LONDON, April 23 (UPI) -- British cinematographer Jack Cardiff, who won an Oscar for his work on "Black Narcissus" in 1947, has died in Ely, England. He was 94.
The Los Angeles Times said the former child actor and some-time film director, who worked until about three years ago, died Wednesday of age-related causes.
Craig McCall, the producer and director of an upcoming documentary about Cardiff, described him as "a great ambassador to film."
"He loved it; it was his entire life and almost all the great people that we can mention crossed paths with him," McCall told the Times. "He literally almost worked for 90 years, which is quite extraordinary in an industry that is just over 100 years old."
Cardiff was the cinematographer on film classics like "The Red Shoes," "The African Queen," "The Barefoot Contessa," "The Prince and the Showgirl" and "The Vikings." He earned Oscar nominations for his cinematography in 1957 for "War and Peace" and in 1962 for "Fanny," and for directing in 1960 for "Sons and Lovers." He received an honorary Academy Award in 2000.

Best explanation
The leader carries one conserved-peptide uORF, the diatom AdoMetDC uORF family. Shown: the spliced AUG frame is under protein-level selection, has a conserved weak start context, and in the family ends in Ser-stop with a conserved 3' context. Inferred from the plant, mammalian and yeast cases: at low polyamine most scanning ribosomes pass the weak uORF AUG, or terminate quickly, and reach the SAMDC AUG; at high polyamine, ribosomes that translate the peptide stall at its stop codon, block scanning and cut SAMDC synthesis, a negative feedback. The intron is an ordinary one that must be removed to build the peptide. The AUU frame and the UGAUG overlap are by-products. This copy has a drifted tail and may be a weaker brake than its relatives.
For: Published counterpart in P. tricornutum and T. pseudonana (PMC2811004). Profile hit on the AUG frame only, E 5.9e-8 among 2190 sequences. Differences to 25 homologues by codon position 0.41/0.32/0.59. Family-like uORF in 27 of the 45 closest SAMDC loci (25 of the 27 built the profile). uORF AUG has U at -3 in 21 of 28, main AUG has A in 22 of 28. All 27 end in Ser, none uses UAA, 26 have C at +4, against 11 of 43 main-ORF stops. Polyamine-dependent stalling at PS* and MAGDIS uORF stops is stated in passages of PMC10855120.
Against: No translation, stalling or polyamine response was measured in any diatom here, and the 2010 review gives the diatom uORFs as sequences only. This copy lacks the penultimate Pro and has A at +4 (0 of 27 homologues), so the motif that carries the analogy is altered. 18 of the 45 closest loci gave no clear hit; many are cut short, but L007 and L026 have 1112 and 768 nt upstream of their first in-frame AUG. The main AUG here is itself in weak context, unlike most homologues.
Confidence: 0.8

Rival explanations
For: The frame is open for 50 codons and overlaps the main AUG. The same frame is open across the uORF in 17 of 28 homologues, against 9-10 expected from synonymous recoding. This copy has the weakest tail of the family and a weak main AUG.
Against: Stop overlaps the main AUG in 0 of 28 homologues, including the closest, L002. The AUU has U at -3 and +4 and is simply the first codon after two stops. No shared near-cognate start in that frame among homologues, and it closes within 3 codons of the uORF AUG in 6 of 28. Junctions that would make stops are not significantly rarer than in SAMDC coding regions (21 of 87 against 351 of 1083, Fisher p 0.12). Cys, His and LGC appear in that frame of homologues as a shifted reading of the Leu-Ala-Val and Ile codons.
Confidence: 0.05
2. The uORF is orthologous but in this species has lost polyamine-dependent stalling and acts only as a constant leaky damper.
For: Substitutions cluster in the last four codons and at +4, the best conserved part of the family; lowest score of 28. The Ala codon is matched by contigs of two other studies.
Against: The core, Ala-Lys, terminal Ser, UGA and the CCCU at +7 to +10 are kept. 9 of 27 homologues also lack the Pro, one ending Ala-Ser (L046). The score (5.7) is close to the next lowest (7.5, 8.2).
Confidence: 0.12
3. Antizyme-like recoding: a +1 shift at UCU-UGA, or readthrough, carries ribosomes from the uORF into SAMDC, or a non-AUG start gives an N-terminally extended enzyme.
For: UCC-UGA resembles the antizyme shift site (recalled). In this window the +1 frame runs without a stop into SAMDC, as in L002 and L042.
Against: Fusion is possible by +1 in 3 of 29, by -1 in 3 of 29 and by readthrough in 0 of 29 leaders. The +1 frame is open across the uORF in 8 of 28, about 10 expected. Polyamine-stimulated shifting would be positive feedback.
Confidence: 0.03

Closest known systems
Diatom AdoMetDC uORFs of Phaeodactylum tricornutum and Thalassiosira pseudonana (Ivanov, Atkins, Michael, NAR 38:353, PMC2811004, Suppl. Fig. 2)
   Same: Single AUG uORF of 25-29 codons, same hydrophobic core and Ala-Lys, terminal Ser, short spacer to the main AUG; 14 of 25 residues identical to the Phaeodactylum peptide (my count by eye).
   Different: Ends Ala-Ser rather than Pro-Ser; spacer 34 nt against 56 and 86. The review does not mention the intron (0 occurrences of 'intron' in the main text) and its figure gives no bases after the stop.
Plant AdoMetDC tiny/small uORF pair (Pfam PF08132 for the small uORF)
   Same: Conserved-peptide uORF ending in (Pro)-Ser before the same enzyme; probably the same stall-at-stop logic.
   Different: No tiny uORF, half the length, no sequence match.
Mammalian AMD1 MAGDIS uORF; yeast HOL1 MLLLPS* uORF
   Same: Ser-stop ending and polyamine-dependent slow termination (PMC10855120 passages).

"He photographed several of the most beautiful Technicolor movies ever made," film critic and historian Leonard Maltin noted. "I think 'Black Narcissus' is breathtaking, and that's the one that always stands out in my mind."
Cardiff is survived by his wife, Nikki, and their son, Mason, as well as his sons John, Rodney and Peter from a previous marriage, the Times said.